|Factory Orders - M/M change||-0.2%||-0.9% to 0.6%||-0.2%||1.5%||1.3%|
Flat is a good description of the nation's factory sector as factory orders slipped 0.2 percent in November, making October's revised 1.3 percent gain look like a rare outlier. Durable goods orders were unchanged in the month while orders for non-durable goods fell 0.4 percent on price weakness for petroleum and coal.
Capital goods data, unfortunately, are mostly weak including a 0.3 percent decline for core orders. Shipments of core capital goods fell 0.6 percent in November and follow October's 1.0 percent decline in readings that will pull down the business investment component of the fourth-quarter GDP report.
Outside of orders, total shipments edged 0.2 percent higher to end a string of declines that go all the way back to July. Inventories also offer good news, falling 0.3 percent and bringing down the inventory-to-shipment ratio to a less heavy 1.35 vs October's 1.36. Unfilled orders are another positive, rising 0.2 percent following a 0.3 percent gain in October.
The factory sector is not exactly robust, the result of weak demand for U.S. exports and also weakness in the domestic energy sector reflected in this report by a 13.6 percent monthly plunge in orders for mining & oil field machinery. But the nation's economy is not narrowly focused on the factory sector, evidenced by healthy readings in today's ISM non-manufacturing report.
Market Consensus Before Announcement
The nation's trade deficit is expected to hold roughly steady at $44.4 billion in November. Weak global demand has been hurting exports while imports, despite strength in the dollar, have also been slipping in what may be a sign of slowing domestic demand. Last week's advanced data on November goods showed a narrowing in the deficit to $60.5 billion from $63.0 billion.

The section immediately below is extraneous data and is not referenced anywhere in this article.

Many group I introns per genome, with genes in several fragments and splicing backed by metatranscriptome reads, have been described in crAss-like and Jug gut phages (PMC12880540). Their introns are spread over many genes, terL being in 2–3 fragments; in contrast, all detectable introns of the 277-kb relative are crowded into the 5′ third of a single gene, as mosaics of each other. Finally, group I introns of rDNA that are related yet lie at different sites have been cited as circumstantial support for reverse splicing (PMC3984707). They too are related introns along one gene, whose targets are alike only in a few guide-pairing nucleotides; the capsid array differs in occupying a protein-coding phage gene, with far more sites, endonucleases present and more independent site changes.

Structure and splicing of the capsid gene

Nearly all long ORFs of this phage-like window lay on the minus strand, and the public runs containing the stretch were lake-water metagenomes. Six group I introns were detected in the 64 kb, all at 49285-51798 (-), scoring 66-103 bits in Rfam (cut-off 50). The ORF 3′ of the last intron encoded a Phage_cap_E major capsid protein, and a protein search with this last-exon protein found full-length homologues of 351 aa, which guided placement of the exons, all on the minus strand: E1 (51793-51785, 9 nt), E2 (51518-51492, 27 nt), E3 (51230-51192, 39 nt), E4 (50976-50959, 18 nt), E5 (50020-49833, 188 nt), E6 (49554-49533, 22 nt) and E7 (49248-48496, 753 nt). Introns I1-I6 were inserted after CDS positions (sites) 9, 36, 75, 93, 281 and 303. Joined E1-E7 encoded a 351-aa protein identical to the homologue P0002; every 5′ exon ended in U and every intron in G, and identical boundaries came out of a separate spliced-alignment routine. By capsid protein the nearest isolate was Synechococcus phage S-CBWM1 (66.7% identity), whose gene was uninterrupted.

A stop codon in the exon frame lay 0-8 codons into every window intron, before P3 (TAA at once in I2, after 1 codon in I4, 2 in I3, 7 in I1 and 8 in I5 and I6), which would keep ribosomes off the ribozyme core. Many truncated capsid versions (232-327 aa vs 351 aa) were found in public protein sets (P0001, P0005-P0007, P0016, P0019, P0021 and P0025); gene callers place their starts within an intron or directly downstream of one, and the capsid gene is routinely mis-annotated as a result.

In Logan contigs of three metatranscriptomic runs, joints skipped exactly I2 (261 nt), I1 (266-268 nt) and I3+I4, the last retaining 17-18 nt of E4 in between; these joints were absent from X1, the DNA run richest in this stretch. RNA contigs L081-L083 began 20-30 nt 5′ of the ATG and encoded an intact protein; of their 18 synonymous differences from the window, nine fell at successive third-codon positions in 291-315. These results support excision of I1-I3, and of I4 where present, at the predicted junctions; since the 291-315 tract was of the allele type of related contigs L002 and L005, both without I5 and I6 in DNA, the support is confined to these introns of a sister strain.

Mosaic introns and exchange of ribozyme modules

Factory orders represent the dollar level of new orders for both durable and nondurable goods. This report gives more complete information than the advance durable goods report which is released one or two weeks earlier in the month.
Investors want to keep their fingers on the pulse of the economy because it usually dictates how various types of investments will perform. The stock market likes to see healthy economic growth because that translates to higher corporate profits. The bond market prefers more moderate growth which is less likely to cause inflationary pressures. By tracking economic data like factory orders, investors will know what the economic backdrop is for these markets and their portfolios. The orders data show how busy factories will be in coming months as manufacturers work to fill those orders. This report provides insight to the demand for not only hard goods such as refrigerators and cars, but nondurables such as cigarettes and apparel. In addition to new orders, analysts monitor unfilled orders, an indicator of the backlog in production. Shipments reveal current sales. Inventories give a handle on the strength of current and future production. All in all, this report tells investors what to expect from the manufacturing sector, a major component of the economy and therefore a major influence on their investments.
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